In this article I covered configuration steps you need to take on your Cisco Router or Switch to send messages to remote syslog server. Most of the Cisco devices use the syslog protocol to manage system logs and alerts. Syslog server is used to maintain log messages at centralized location, It improves the manageability of any size network and can decrease response times to resolve problems. Sending router log messages to a remote server also allows longer archiving of messages because Syslog server will have more storage than Cisco Router or Switch. Messages stored by syslog Server have permanence but Router doesn’t. When a router is reloaded or power cycled, the messages in its log are erased. In Syslog server there is a change view log messages even if Router power off.
Note: Before configuring a Cisco device to send syslog messages, make sure that it is configured with the right date, time, and time zone. Syslog data would be useless for troubleshooting if it shows the wrong date and time. You should configure all network devices to use NTP. Using NTP ensures a correct and synchronized system clock on all devices within the network. Setting the devices with the accurate time is helpful for event correlation.
Step by Step Syslog Server Configuration on Cisco Router
If you are configuring a Cisco Router for syslog logging then please follow the steps below:
1. Configure the Router to timestamp syslog messages and it helpful for troubleshooting. The options for the type keyword are debug and log.
Hostname or A.B.C.D IP address of the logging host
alarm Configure syslog for alarms
buffered Set buffered logging parameters
buginf Enable buginf logging for debugging
cns-events Set CNS Event logging level
console Set console logging parameters
count Count every log message and timestamp last occurance
discriminator Create or modify a message discriminator
esm Set ESM filter restrictions
event Global interface events
exception Limit size of exception flush output
facility Facility parameter for syslog messages
filter Specify logging filter
history Configure syslog history table
host Set syslog server IP address and parameters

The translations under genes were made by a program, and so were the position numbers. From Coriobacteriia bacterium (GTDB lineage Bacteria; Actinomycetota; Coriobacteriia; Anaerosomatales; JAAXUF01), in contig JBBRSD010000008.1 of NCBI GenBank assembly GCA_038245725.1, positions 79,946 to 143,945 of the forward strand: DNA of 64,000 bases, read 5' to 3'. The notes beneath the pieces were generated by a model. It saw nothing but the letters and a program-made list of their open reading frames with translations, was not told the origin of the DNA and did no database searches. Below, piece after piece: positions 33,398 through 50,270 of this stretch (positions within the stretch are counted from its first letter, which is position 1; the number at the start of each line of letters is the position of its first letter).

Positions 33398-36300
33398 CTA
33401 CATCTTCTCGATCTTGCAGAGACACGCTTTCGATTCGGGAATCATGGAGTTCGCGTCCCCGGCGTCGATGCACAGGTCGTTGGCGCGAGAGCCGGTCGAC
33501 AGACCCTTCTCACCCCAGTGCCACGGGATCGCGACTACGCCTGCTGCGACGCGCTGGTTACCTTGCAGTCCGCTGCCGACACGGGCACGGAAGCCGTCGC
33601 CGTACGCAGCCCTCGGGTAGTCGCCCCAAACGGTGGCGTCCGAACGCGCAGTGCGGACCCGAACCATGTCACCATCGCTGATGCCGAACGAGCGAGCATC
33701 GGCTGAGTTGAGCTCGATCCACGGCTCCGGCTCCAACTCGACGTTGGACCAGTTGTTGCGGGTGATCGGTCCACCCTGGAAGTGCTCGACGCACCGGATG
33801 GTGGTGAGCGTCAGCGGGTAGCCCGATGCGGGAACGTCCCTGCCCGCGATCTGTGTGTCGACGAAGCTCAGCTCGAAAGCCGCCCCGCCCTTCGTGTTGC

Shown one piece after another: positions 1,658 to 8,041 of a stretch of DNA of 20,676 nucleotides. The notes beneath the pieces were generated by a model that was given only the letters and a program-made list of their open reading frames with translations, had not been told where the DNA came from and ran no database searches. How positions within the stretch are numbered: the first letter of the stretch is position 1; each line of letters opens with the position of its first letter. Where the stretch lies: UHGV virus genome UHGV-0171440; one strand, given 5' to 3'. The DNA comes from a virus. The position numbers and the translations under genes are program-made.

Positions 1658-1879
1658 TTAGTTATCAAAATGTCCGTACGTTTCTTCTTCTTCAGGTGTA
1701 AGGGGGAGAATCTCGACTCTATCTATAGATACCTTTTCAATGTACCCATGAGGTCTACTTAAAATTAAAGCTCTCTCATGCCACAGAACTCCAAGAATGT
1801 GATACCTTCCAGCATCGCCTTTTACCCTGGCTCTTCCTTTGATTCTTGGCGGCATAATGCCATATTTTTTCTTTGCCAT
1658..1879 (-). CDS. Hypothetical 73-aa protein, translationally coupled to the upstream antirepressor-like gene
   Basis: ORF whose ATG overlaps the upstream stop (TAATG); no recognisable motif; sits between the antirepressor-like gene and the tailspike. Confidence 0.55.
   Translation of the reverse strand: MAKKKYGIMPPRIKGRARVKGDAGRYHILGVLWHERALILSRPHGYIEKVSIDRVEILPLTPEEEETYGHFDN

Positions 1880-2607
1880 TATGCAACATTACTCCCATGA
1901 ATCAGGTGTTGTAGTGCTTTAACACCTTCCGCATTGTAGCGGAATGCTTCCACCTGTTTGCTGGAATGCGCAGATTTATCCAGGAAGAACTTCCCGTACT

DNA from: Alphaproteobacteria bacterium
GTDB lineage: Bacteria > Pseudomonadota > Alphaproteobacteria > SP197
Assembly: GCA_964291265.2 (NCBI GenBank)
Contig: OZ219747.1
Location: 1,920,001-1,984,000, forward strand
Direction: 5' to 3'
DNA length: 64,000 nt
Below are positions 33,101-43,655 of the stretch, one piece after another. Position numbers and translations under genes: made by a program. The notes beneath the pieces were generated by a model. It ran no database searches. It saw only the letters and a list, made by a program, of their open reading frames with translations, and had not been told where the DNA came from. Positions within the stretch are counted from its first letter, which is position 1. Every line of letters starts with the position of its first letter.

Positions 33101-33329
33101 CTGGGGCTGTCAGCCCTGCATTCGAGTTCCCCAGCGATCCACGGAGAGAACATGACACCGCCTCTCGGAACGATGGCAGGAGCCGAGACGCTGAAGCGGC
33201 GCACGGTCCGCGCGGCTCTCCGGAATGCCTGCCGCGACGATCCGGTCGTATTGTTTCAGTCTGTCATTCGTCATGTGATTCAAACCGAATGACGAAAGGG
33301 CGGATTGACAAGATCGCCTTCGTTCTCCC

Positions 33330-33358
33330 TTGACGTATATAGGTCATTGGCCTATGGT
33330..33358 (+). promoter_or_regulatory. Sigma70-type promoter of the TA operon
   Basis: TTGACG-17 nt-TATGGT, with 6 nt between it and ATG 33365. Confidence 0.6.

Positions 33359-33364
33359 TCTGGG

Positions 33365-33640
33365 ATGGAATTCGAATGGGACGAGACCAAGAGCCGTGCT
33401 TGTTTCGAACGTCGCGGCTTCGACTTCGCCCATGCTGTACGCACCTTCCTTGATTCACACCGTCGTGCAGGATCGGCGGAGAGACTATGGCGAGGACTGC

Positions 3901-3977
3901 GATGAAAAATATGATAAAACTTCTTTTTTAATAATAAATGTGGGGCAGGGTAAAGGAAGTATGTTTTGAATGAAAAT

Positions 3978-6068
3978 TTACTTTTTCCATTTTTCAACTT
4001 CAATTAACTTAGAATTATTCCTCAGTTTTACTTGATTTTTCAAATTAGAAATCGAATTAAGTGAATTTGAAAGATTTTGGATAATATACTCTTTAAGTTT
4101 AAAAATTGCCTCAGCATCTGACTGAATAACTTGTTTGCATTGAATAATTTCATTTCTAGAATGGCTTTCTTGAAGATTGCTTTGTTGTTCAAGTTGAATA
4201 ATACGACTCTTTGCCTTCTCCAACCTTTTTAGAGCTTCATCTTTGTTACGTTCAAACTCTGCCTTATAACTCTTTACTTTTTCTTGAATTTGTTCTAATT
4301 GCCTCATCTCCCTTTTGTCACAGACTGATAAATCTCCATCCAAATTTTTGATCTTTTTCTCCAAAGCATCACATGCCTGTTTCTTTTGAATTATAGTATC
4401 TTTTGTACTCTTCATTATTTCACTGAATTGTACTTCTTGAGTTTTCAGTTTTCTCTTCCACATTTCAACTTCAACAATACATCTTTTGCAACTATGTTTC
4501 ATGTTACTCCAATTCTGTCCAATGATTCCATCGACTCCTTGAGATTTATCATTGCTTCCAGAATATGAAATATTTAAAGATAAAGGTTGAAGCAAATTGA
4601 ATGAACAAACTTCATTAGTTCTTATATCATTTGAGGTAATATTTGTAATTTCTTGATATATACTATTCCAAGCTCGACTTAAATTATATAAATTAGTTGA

ip IP configuration
listen MWAM/SAMI remote console and logging listen enabler
message-counter Configure log message to include certain counter value
monitor Set terminal line (monitor) logging parameters
on Enable logging to all enabled destinations
origin-id Add origin ID to syslog messages
persistent Set persistent logging parameters
prefix Configure logging prefix version
rate-limit Set messages per second limit
reload Set reload logging level
source-interface Specify interface for source address in logging transactions
system enable/disable System Event Log
trap Set syslog server logging level
userinfo Enable logging of user info on privileged mode enabling
Router(config)# service timestamps type datetime [msec] [localtime] [show-timezone]
2. Enable logging on Router by issuing the logging on command from global configuration mode.
Router(config)# logging on
3. In order to specify the Essentials server that is to receive the router syslog messages, issue the logging ip_address command. ip_address is the address of the server that collects the syslog messages.
Router(config)# logging 188.8.131.52
4. Now you can limit the types of messages that can be logged to the Syslog server, set the appropriate logging trap level with the logging trap command. The informational portion of the command signifies severity level 6. This means all messages from level 0-5 (from emergencies to notifications) are logged to the Essentials server.
Router(config)# logging trap informational
Valid logging facilities are local0 through local7. Valid levels are:
5. Specifies the facility level used by the syslog messages; the default is local7. Possible values are local0, local1, local2, local3, local4, local5, local6, and local7.
Router(config)# logging facility facility-type
6. In order to verify if the device sends syslog messages, run the sh logging command.
Example: Syslog Server Configuration on Router
Enter configuration commands, one per line. End with CNTL/Z.
Router(config)#service timestamps debug datetime localtime show-timezone msec
Router(config)#service timestamps log datetime localtime show-timezone msec
Router(config)#logging facility local3
Router(config)#logging trap informational
Find Syslog Logging Statistics with Show Logging Command
Syslog logging: enabled (0 messages dropped, 0 flushes, 0 overruns)
Console logging: level debugging, 79 messages logged
Monitor logging: level debugging, 0 messages logged
Buffer logging: disabled
Trap logging: level informational, 80 message lines logged
Logging to 184.108.40.206, 57 message lines logged
Filed Under: Syslog
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